Movie Review: Scorsese's The Wolf of Wall Street
Early on in Martin Scorsese’s The Wolf of Wall Street, a woman’s bare bottom fills the screen. White-collar crook Jordan Belfort, played by Leonardo DiCaprio, pulls out a short straw and blows cocaine into the woman. Then he snorts a couple of hits off her body, diabolically grinning the whole time. This is not the craziest scene in the film, but it sets a certain mood.
Based on Belfort’s memoir about his evolution from penny-stock peddler to millionaire trader, Scorsese’s adaptation is a capitalist critique in the form of a bacchanal. The movie features a lingerie-clad marching band, flying dwarves, three dangerous crashes (helicopter, yacht, Ferrari), and four orgies (penthouse, beach house, office, 747). In a year packed with parables of American excess—DiCaprio already played The Great Gatsby—Scorsese’s spectacle is the most decadent. It will probably be Kanye West’s favorite movie ever.
Scorsese has always been fascinated by American men who want more than what they’ve got: pool hustlers, politicos, boxers, comedians, and, most often, gangsters. Working with screenwriter and Sopranos vet Terence Winter, Scorsese frames Belfort as a hypocritical rat who takes shortcuts and informs on his friends as soon as things get tough. “It’s all a fugazi,” Belfort’s mentor, played by Matthew McConaughey, tells him, mispronouncing the word as he explains Wall Street. “A fake,” Belfort says, describing himself.
Budgeted at about $100 million, the film is rife with contradictions. How could it not be? DiCaprio hawks four-figure Tag Heuer watches, and he used to party almost as hard as Belfort. Scorsese, who shoots ads for Dolce & Gabbana and American Express, couldn’t make a big-budget film such as this without independent financiers. The pair can’t criticize Belfort’s lifestyle without copping to their own complicity—on the contrary, they almost get lost in it. The result becomes less a pointed satire of a corrupt system than a farce about a rich drug addict.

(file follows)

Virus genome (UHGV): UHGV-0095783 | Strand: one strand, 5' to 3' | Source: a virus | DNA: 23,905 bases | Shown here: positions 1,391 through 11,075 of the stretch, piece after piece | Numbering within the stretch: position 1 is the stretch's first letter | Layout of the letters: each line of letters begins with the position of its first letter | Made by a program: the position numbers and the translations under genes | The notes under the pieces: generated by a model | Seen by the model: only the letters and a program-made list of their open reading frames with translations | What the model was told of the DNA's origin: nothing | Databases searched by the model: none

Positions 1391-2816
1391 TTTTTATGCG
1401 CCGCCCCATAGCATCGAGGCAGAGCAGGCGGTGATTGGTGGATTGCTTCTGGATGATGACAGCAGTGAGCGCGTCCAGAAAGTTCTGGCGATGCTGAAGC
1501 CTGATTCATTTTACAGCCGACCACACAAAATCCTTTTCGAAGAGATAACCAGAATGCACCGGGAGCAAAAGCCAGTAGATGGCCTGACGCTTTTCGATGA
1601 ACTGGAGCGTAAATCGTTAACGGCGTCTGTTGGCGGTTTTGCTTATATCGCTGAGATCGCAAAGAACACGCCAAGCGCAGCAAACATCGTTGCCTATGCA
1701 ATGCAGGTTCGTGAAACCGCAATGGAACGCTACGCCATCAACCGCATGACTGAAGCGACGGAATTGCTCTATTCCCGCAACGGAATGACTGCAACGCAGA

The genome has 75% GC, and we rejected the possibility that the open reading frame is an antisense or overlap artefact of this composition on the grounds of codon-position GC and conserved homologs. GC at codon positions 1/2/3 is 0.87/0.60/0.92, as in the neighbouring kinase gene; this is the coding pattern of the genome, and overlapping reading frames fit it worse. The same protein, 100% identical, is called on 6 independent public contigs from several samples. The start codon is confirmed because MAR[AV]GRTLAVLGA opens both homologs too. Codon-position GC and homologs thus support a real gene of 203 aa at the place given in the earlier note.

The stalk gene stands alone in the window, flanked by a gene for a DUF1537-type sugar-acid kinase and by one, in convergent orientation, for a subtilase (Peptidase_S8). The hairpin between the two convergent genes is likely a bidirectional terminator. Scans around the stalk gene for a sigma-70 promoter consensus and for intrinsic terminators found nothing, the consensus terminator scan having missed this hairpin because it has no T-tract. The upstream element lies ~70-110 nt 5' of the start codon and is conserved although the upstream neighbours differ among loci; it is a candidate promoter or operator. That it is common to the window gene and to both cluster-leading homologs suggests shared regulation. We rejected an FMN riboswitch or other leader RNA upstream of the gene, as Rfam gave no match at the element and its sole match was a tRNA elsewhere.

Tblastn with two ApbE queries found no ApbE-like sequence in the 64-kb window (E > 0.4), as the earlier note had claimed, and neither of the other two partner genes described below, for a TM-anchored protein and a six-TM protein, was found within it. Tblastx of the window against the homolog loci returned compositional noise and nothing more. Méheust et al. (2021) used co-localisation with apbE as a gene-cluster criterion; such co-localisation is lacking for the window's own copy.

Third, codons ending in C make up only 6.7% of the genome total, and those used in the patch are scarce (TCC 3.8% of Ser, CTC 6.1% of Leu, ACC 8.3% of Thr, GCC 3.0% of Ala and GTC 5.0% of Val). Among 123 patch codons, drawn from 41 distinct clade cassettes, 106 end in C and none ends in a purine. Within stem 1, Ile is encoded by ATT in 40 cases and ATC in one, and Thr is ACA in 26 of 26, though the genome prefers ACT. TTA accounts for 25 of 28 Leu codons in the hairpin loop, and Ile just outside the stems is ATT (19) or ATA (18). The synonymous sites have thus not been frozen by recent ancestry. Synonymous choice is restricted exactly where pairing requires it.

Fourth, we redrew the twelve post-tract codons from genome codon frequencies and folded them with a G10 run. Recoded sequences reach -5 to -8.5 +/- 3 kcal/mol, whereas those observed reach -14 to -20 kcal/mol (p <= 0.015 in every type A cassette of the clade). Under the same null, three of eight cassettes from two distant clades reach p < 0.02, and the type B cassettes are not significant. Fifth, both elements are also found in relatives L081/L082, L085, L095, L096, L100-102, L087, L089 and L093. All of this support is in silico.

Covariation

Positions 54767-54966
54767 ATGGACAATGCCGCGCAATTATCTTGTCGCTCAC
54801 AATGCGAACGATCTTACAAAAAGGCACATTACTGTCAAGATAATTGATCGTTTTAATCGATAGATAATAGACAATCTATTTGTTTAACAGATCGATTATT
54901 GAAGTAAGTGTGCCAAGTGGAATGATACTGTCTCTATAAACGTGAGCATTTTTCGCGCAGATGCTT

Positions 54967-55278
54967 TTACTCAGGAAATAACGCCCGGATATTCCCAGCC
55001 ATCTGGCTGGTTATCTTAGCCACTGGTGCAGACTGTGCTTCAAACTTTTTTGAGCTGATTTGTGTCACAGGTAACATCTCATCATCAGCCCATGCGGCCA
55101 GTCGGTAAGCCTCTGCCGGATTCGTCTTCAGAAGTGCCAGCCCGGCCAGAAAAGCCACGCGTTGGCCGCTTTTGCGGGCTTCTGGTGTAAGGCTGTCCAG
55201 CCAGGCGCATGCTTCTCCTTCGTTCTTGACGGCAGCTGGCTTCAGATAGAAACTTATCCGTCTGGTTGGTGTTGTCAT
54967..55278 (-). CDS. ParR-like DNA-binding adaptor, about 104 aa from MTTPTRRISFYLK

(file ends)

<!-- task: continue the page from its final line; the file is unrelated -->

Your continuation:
It’s an exhausting all-nighter that’s worth seeing for the actors’ wild performances. DiCaprio plays Belfort by lacing his boyish charm with Jack Nicholson’s eyebrow-popping menace. The climax is a slapstick sequence in which he gulps down so many quaaludes that he enters what he calls the “cerebral palsy phase,” pathetically tumbling down brick steps and into his white Ferrari. As Belfort’s partner, Donnie, Jonah Hill is at his Belushi-esque best, swallowing a live goldfish and deliver-ing obscene lines such as “She’s so hot I’d let her give me AIDS.”
Early in the film, Belfort is profiled in a financial magazine as a “twisted Robin Hood” who steals from the poor to line his own pockets. The article is a vicious takedown, and Belfort is certain it will put him out of business, but it’s actually his big break. The next morning, young traders line up at his firm dying to work with “the Wolf,” explicitly because he doesn’t care about clients and wants only to make money.
This is the ultimate conflict in any film about American ambition. What may seem like an indictment of greed—from James Cagney’s gangster flick White Heat to Brian De Palma’s Scarface, Wall Street, and Breaking Bad—almost always lives on in the minds of fans as a hero narrative. It’s fashionable to call these characters antiheroes, but they’ve become role models, quoted in business schools and rap lyrics. Fans can’t help but fantasize about how a guy like Belfort could have gotten away with it if he’d just taken fewer pills. The Wolf of Wall Street rubs viewers’ noses in a pile of cocaine; nobody should be surprised if some leave the theater wide-eyed and thrilled by that high.
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